“We know that the students are doing this off campus, at home, on the weekends, based on their social media postings,” she said. “We also know that many of our students are purchasing these online or from other students who bought them online.”

Many of these young students think Juuls or other vaping products are safe because they don’t include include tar. But they do contain toxic ingredients, said Dr. Mark Rubinstein, UCSF professor of pediatrics.

“These are not benign fruit-flavored products that you can just play with and use recreationaly,” he said. “We worry because when the younger kids use nicotine, or any drugs for that matter, we think it causes permanent changes to the developing brain.”

Researchers are just starting to look at the long-term health impacts of e-cigarettes. The chemicals in them could be carcinogenic, especially when heated to levels required to produce vapor, Rubinstein said.

Juul pods include glycerol, propylene glycol, natural oils, extracts and flavor, nicotine and benzoic acid, company officials say, but not diacetyl, a potentially harmful chemical used in other vaping products for flavoring.

Rubinstein is also concerned about excessive use by young people, not only because they come in fun flavors like mango and popcorn — but they don’t smell like smoke, so children can use them at home and school and therefore more frequently than they would regular cigarettes, he said.

“I think this is going to increase the risk of nicotine addiction beyond combustible cigarettes,” Rubinstein said.

Nicotine, an addictive drug, causes the body to release epinephrine, the fight or flight hormone, which could cause the head rush some describe when vaping or smoking.

On a typical day, the graduating senior from Oakland said he might take 40 hits off a Juul. He has perfected his technique to use it in class, inhaling from the easily concealed device and then holding the vapor in long enough to dissipate in his lungs so the teacher won’t see it.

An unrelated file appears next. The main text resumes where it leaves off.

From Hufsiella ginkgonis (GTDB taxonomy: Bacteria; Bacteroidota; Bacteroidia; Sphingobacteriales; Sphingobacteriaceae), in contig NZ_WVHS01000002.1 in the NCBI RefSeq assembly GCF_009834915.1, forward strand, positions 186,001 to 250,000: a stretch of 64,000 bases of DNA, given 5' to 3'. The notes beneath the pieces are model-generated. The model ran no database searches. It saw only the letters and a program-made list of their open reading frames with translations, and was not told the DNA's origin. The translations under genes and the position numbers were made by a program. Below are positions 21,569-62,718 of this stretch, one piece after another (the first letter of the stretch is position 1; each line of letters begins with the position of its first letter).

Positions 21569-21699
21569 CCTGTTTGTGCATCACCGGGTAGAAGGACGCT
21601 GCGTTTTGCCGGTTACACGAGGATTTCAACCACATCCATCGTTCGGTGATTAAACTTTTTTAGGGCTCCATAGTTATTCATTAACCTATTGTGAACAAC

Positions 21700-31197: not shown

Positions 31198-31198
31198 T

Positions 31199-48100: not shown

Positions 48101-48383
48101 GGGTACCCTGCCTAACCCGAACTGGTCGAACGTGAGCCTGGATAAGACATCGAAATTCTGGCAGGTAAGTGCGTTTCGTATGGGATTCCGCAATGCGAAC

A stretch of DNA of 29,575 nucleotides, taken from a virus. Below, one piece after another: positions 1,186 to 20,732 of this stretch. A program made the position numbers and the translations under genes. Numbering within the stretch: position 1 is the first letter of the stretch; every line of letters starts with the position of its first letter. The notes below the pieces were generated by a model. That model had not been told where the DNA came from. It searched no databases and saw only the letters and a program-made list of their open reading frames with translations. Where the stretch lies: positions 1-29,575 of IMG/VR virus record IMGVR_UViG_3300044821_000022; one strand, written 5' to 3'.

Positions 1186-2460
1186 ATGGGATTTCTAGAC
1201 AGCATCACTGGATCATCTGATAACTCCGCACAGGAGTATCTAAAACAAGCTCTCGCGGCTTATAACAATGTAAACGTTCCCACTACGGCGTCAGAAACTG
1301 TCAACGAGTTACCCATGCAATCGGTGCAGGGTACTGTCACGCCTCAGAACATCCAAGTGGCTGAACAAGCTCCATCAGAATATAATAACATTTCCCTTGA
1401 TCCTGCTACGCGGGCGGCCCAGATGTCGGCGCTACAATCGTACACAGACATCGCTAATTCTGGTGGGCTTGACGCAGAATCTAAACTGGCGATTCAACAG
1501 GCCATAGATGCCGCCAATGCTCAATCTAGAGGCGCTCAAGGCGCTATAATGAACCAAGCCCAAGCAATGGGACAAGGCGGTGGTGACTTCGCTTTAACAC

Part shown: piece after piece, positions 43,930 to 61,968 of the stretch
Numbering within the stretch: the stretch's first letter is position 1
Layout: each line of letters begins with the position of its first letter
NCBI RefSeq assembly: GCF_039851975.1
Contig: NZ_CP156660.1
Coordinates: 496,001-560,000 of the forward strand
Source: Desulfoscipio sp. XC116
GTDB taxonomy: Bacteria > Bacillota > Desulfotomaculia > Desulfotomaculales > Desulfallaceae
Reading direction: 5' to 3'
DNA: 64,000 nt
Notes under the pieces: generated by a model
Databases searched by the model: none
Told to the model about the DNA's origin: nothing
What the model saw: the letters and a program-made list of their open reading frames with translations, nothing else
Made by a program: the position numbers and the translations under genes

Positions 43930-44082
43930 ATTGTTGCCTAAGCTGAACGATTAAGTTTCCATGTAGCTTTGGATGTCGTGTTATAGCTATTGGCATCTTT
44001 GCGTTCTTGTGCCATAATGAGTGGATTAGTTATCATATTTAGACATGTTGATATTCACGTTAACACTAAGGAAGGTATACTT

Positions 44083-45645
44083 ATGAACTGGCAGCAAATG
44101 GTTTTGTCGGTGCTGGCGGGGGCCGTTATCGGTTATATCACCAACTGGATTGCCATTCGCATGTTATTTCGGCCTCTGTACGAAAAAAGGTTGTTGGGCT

That’s called “zeroing,” he said.

But he “hits” his Juul a lot more if he’s bored at home or during parties, he said, where nearly everyone is vaping.

Without it, the headaches and body aches hit, and then, “that’s all you kind of think about,” he said.

While he was among the first to use a Juul among his classmates and friends, he said he can’t think of anyone who doesn’t have one or use one now.

Parents, he said, have no idea.

“If your kids say they don’t vape,” he said, “they vape.”

Jill Tucker is a San Francisco Chronicle staff writer. Email: jtucker@sfchronicle.com Twitter: @jilltucker

What are e-cigarettes?

E-cigarettes come in many shapes and sizes. Most have a battery, a heating element, and a place to hold a liquid.

E-cigarettes produce an aerosol by heating a liquid that usually contains nicotine — the addictive drug in regular cigarettes, cigars and other tobacco products.

E-cigarettes are known by many different names. They are sometimes called e-cigs, e-hookahs, mods, vape pens, vapes, tank systems, and electronic nicotine delivery systems, or ENDS.

Some e-cigarettes are made to look like regular cigarettes, cigars, or pipes. Some resemble pens, USB sticks or other everyday items.

Source: Center for Disease Control and Prevention